10,000 Hours of Immersion

November 11th, 2009

10,000 Hours to Mastery

I know I’ve talked about Malcolm Gladwell’s books often with my clients.  Many of you have already read them, and put some of his ideas and observations to use in your businesses.  I read his book, “Outliers,” this past summer, and found it, once again, to be very thought provoking.  If you have not yet read it, I highly recommend it.

One of Gladwell’s assertions in this book is that it takes 10,000 hours of doing something to gain mastery of it.  Of course, people have different levels of natural talent for things, and different abilities to learn, but, essentially, he asserts that anyone who spends 10,000 hours doing anything will gain a superior mastery of whatever it is.

Mastery of a Second Language

I started thinking about how this applies to learning a second language.  Of course, if any of us had 10,000 hours to devote exclusively to learning another language, we could all be fluent.  But, who among us has that kind of time?  We’re busy becoming masters at our professions, or other things.  Still, it is obvious that the more time spent with a language, the greater the learning.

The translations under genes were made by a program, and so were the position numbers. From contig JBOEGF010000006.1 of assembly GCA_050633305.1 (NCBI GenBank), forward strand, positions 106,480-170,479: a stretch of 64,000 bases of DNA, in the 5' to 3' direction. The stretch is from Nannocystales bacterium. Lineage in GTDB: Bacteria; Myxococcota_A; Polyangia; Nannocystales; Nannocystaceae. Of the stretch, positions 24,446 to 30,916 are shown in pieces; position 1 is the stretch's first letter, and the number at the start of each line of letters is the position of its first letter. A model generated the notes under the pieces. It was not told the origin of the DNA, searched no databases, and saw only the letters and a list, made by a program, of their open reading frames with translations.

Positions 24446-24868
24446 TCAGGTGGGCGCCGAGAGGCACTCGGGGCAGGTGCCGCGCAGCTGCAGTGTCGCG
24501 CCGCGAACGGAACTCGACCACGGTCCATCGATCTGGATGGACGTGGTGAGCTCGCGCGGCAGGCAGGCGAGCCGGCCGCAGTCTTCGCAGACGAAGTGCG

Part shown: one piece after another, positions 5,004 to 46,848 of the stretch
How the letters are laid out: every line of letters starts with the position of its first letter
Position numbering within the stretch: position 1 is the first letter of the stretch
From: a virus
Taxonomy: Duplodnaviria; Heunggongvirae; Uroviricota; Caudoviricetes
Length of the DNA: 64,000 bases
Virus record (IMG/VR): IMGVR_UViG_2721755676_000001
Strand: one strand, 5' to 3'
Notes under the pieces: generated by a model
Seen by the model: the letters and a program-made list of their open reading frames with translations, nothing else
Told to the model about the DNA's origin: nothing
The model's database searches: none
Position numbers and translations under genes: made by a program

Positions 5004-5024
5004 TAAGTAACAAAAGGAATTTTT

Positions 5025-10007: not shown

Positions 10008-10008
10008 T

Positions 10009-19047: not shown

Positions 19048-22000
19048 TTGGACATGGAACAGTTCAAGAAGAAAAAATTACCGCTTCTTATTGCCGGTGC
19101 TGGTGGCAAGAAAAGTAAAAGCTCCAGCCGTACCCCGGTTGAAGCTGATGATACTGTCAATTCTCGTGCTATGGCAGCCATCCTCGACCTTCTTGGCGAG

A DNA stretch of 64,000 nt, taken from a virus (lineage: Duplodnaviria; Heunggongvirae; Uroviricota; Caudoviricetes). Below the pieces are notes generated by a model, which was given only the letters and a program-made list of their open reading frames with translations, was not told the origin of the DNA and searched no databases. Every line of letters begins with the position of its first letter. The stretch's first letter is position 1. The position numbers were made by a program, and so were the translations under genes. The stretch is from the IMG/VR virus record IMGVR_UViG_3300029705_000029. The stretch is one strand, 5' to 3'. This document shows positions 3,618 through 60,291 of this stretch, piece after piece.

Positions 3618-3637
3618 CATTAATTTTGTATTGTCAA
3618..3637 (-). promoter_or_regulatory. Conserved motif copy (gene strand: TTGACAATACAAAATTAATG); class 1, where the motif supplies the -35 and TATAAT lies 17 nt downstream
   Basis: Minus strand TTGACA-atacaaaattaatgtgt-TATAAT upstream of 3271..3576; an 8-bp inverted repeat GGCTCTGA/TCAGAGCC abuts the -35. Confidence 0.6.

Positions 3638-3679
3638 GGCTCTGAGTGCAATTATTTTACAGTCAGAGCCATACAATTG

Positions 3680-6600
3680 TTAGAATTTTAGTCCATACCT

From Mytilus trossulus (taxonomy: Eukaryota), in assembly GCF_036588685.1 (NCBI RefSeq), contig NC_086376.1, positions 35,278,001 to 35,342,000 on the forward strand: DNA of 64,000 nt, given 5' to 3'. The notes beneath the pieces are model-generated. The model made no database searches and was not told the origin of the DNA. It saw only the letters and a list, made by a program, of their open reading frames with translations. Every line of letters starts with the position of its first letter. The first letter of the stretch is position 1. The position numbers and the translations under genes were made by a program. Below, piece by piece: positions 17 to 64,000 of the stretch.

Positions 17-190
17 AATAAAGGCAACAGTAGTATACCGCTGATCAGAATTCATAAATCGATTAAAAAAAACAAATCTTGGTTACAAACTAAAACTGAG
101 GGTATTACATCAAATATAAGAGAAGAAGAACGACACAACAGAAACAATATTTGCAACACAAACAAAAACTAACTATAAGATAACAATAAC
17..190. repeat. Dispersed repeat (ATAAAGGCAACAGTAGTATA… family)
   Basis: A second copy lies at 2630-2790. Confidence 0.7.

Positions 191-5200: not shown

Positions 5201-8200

One of the benefits of immersion learning is that it increases the hour count of exposure to a language.  If you take a class 2 hours a week, in a year you have only gained 104 hours of exposure to a language.  And, that exposure is probably 50% or more nullified by the amount that is forgotten over the week, and also by the lack of real listening and speaking that occurs in a classroom situation. 

In the typical immersion program, students are exposed to 12 to 20 hours of language instruction per week.  Again, assuming that a student studies for a month, he or she will have been exposed to only around 80 hours of language.  Better, but far from 10,000 hours.

It can safely be said that after 1,000 hours of immersion language instruction, a person could expect to speak and understand a language really well, nearly fluently.  At a normal school, studying 2 hours per week, that means you would have to study 500 weeks (assuming each 2 hours was full immersion, which it can’t be), or nearly 10 years! 

At a typical immersion school, you would have to study over a year to achieve 1000 hours.  At our school, the Lake Tahoe Institute of English, you would have to study for 10 weeks with no breaks.  Far better, but rarely practical for a working adult. 

There has to be another way to accelerate the learning.  And, of course there is.  See my next post to read about my ideas on how to gain 1,000 hours of immersion.

One Response to “10,000 Hours of Immersion”

  1. Shorty says:

    Cheers pal. I do apprecatie the writing.

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